The title of this site and the course it serves are both Foundations of Advanced Mathematics. That’s for two reasons. First, because the course provides a first look at what proofs-based math looks like, that is, what it means to be in a mathematics course where the focus is on proving rather than computing. Second, the subject matter here (logic and set theory) are the first pass at what’s called foundations of mathematics (which is a robust subfield in its own right).

Most of what we’ll learn here, you’ll use in mathematics courses throughout the remainder of your undergraduate and graduate career. Some of it you’ll eventually outgrow, though which parts depend on what path through mathematics you take and where you end up.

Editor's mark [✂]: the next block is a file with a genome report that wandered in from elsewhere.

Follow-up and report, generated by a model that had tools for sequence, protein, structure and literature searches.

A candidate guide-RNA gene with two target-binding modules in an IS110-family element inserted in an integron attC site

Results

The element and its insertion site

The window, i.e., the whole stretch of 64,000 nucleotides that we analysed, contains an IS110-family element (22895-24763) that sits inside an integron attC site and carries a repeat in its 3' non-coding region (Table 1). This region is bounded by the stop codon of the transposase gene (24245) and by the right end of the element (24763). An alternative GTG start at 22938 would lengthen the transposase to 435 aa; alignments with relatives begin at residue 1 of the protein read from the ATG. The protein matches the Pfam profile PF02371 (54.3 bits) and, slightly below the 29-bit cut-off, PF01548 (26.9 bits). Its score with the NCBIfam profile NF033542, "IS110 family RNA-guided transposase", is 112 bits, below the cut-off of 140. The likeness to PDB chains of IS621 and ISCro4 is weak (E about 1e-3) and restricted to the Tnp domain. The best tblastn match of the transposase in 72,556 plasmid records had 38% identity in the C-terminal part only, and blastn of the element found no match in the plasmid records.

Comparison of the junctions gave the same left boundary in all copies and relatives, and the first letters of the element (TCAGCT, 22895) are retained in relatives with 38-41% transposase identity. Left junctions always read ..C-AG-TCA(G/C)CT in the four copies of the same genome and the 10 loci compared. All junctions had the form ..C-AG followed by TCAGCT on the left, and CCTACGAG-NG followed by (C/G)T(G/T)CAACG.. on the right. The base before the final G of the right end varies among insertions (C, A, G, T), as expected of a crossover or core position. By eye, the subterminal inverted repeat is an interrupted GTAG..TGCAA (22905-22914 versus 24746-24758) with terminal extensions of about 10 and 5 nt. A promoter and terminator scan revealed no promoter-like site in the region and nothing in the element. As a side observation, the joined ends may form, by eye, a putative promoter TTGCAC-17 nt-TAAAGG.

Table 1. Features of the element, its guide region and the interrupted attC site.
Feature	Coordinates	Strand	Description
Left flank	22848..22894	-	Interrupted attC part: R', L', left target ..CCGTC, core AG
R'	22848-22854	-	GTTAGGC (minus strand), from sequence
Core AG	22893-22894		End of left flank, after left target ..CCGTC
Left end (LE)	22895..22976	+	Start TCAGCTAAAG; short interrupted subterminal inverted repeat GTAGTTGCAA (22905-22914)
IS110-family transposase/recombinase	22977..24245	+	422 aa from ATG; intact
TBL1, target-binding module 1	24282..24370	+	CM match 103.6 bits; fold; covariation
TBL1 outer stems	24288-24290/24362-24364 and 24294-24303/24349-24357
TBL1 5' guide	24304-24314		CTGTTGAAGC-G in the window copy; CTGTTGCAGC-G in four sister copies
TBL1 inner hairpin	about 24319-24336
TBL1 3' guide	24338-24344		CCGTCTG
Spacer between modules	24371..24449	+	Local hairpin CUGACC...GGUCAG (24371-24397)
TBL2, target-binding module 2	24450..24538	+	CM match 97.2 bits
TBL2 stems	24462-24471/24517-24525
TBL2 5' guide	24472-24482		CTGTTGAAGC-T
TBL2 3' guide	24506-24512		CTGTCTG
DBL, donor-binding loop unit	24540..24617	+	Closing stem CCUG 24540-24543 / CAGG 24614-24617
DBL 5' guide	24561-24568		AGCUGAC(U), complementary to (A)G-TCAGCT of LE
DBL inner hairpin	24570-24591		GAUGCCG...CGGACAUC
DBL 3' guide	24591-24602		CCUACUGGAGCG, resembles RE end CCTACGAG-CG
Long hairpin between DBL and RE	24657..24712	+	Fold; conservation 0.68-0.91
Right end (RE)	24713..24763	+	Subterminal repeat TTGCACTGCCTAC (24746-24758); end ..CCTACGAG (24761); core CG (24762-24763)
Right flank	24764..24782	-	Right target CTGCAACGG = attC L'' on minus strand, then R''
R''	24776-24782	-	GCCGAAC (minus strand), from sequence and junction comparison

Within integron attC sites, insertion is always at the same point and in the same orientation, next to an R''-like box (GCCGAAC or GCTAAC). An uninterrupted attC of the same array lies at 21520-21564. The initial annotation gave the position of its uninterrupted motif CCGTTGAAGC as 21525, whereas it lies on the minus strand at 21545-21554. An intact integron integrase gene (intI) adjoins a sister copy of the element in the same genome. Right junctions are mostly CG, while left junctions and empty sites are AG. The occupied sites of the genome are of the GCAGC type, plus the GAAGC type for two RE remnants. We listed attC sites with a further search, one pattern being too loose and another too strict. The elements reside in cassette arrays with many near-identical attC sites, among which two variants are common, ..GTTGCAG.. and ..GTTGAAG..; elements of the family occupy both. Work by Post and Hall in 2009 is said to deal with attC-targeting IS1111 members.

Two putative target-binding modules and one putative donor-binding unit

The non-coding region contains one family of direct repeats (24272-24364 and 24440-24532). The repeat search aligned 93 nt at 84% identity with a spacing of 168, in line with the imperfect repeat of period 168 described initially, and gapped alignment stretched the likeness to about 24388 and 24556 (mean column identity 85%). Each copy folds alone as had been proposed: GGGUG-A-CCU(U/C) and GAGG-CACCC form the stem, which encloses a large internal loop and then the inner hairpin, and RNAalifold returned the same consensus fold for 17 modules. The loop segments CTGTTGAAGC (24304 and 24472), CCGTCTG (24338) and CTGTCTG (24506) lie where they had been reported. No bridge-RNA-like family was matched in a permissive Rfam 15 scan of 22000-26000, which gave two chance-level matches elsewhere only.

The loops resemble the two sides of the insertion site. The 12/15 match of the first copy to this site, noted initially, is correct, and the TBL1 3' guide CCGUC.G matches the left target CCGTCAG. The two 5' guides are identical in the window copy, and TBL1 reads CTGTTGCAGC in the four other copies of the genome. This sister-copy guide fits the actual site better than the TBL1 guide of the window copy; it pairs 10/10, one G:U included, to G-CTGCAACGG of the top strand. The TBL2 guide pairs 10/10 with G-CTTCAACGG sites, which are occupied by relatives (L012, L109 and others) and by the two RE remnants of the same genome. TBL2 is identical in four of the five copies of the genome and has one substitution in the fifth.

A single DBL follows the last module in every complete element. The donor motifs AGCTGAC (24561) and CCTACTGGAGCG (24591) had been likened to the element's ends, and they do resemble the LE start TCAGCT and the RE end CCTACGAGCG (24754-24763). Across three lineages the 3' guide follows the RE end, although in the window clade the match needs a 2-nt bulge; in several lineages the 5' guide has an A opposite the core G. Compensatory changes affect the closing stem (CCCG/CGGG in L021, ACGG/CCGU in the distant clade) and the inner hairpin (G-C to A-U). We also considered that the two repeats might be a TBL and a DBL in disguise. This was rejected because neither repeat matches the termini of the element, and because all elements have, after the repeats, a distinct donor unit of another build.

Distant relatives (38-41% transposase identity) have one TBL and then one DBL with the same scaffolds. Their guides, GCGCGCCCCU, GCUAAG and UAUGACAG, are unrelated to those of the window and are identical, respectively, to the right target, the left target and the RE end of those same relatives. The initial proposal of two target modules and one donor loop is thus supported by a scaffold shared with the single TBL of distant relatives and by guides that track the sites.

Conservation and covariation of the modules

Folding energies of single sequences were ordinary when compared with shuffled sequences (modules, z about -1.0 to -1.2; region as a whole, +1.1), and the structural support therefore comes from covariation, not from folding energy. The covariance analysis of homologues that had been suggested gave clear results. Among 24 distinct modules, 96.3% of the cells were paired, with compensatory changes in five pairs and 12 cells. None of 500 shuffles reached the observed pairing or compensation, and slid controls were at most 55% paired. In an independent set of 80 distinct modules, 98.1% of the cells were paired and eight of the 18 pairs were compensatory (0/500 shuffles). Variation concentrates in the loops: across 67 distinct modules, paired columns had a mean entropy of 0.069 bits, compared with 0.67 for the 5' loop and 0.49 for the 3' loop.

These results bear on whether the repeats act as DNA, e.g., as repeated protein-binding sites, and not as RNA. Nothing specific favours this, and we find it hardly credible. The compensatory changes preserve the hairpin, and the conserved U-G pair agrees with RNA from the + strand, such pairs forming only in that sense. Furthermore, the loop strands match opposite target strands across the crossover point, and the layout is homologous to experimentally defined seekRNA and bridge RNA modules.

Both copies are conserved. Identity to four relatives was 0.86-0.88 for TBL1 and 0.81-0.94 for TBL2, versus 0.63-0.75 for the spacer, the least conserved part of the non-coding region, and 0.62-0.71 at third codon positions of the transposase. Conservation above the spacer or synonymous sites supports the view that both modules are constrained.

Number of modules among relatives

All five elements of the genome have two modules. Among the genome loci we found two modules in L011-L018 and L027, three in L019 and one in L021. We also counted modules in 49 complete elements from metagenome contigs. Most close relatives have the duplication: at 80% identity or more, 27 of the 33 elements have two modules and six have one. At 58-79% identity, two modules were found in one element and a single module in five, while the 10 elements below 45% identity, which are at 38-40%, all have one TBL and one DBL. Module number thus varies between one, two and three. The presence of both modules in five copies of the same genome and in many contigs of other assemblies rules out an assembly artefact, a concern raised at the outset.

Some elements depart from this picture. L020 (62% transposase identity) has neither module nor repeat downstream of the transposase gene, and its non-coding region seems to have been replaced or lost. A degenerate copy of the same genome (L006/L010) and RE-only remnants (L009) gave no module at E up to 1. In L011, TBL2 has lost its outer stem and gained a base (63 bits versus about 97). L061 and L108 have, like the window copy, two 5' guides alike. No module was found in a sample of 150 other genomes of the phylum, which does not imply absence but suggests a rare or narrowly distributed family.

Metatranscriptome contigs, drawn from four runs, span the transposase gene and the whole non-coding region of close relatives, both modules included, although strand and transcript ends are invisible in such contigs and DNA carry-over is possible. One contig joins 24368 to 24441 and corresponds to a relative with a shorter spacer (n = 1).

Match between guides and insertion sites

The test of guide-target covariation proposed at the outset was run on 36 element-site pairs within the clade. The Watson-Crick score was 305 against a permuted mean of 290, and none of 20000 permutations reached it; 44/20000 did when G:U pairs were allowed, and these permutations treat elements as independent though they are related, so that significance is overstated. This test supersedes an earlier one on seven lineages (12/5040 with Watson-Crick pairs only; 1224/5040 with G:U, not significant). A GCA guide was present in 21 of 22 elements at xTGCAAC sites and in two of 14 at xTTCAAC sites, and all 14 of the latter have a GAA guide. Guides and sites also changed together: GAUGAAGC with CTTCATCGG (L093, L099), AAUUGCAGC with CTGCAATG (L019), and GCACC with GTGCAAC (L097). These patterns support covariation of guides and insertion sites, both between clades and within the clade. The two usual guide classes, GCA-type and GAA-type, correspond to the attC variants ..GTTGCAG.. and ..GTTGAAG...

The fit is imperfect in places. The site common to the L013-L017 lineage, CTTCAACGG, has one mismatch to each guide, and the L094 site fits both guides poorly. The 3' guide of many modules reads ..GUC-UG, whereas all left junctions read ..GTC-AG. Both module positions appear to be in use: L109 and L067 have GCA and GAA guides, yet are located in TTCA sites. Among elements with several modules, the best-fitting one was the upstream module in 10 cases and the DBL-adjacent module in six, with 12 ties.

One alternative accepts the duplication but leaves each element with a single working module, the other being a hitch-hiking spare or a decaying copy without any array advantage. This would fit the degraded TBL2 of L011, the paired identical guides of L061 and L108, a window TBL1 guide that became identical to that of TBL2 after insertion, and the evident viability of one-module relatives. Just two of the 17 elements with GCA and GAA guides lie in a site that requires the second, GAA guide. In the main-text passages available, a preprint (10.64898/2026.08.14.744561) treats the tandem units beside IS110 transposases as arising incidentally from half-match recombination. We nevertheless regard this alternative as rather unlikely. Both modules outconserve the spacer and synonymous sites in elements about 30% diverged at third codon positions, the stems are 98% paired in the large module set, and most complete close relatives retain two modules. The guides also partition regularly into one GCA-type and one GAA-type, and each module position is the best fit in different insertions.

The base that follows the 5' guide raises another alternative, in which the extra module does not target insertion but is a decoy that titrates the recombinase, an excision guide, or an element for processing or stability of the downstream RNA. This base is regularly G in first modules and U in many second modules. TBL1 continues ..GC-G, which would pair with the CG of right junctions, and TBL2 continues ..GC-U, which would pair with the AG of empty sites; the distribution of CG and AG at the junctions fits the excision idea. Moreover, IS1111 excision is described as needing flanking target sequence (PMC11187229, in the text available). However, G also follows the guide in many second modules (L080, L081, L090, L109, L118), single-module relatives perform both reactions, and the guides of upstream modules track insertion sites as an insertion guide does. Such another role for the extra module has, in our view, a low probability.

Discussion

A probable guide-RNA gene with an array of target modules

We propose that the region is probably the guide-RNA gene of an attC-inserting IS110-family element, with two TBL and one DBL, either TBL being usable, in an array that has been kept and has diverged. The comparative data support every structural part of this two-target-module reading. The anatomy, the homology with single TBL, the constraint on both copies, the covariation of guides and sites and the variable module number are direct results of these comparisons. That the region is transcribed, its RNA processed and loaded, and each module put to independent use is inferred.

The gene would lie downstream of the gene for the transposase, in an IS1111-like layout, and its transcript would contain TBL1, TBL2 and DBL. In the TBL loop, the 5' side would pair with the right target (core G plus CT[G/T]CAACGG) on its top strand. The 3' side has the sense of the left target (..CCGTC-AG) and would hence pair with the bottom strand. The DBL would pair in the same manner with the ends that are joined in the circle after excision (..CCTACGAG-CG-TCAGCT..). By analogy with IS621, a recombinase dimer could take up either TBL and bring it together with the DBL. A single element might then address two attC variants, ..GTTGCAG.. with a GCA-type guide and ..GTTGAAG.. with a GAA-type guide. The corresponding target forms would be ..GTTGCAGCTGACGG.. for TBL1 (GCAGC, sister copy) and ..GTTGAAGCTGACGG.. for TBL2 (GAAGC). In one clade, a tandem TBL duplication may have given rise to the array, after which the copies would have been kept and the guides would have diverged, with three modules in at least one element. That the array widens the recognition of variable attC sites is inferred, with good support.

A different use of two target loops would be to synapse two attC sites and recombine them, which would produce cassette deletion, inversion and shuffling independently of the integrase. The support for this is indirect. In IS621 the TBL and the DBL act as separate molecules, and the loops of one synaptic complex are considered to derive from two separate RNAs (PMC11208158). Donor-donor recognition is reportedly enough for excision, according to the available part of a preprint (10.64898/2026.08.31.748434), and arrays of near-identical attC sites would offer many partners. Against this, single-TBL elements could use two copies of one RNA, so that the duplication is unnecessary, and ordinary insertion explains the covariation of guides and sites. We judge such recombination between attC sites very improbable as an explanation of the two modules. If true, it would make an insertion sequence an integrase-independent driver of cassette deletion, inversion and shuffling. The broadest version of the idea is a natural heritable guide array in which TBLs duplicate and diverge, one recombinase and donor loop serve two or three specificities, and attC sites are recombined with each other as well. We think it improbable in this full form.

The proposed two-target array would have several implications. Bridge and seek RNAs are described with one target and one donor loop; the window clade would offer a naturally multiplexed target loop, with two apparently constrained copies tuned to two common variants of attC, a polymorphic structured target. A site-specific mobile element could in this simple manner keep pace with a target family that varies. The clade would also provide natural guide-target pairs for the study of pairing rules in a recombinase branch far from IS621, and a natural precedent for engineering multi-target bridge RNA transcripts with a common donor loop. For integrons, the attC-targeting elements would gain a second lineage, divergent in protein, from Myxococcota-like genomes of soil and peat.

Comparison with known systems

What is this site and how do I use it?

Most of the text on this site started as a set of notes I wrote, assisted by the NCSU Libraries’ Alt-Textbook Project. But I decided that a book format was a little less pretty and a little less navigable than a site like this.

Most everything is hyperlinked, so follow your nose. You can always find your way back to this page, which serves as a table of contents. “Chapters” are also tagged, so you can navigate that way if you prefer.


  1. What are we doing here?
  2. Logic
  3. The Natural Numbers and Induction
  4. Sets
  5. Relations
  6. Functions
  7. Cardinality

Typographical Conventions

  • Where possible, I’ve used red-printed text to indicate a sentence we want to consider as an object in its own right. For example, The man bit the dog is a simple declarative sentence.
  • Blue-printed text is for running commentary within a proof. (Who needs running commentary? Just shut up and get on with it already!)
  • The words Definition, Theorem, Claim, and Proof in boldface denote the start of a block of text and are usually indented along with that entire block. This is more or less the standard convention for mathematical texts.
  • All math symbols and diagrams are set using LaTeX via the QuickLaTeX plugin for WordPress.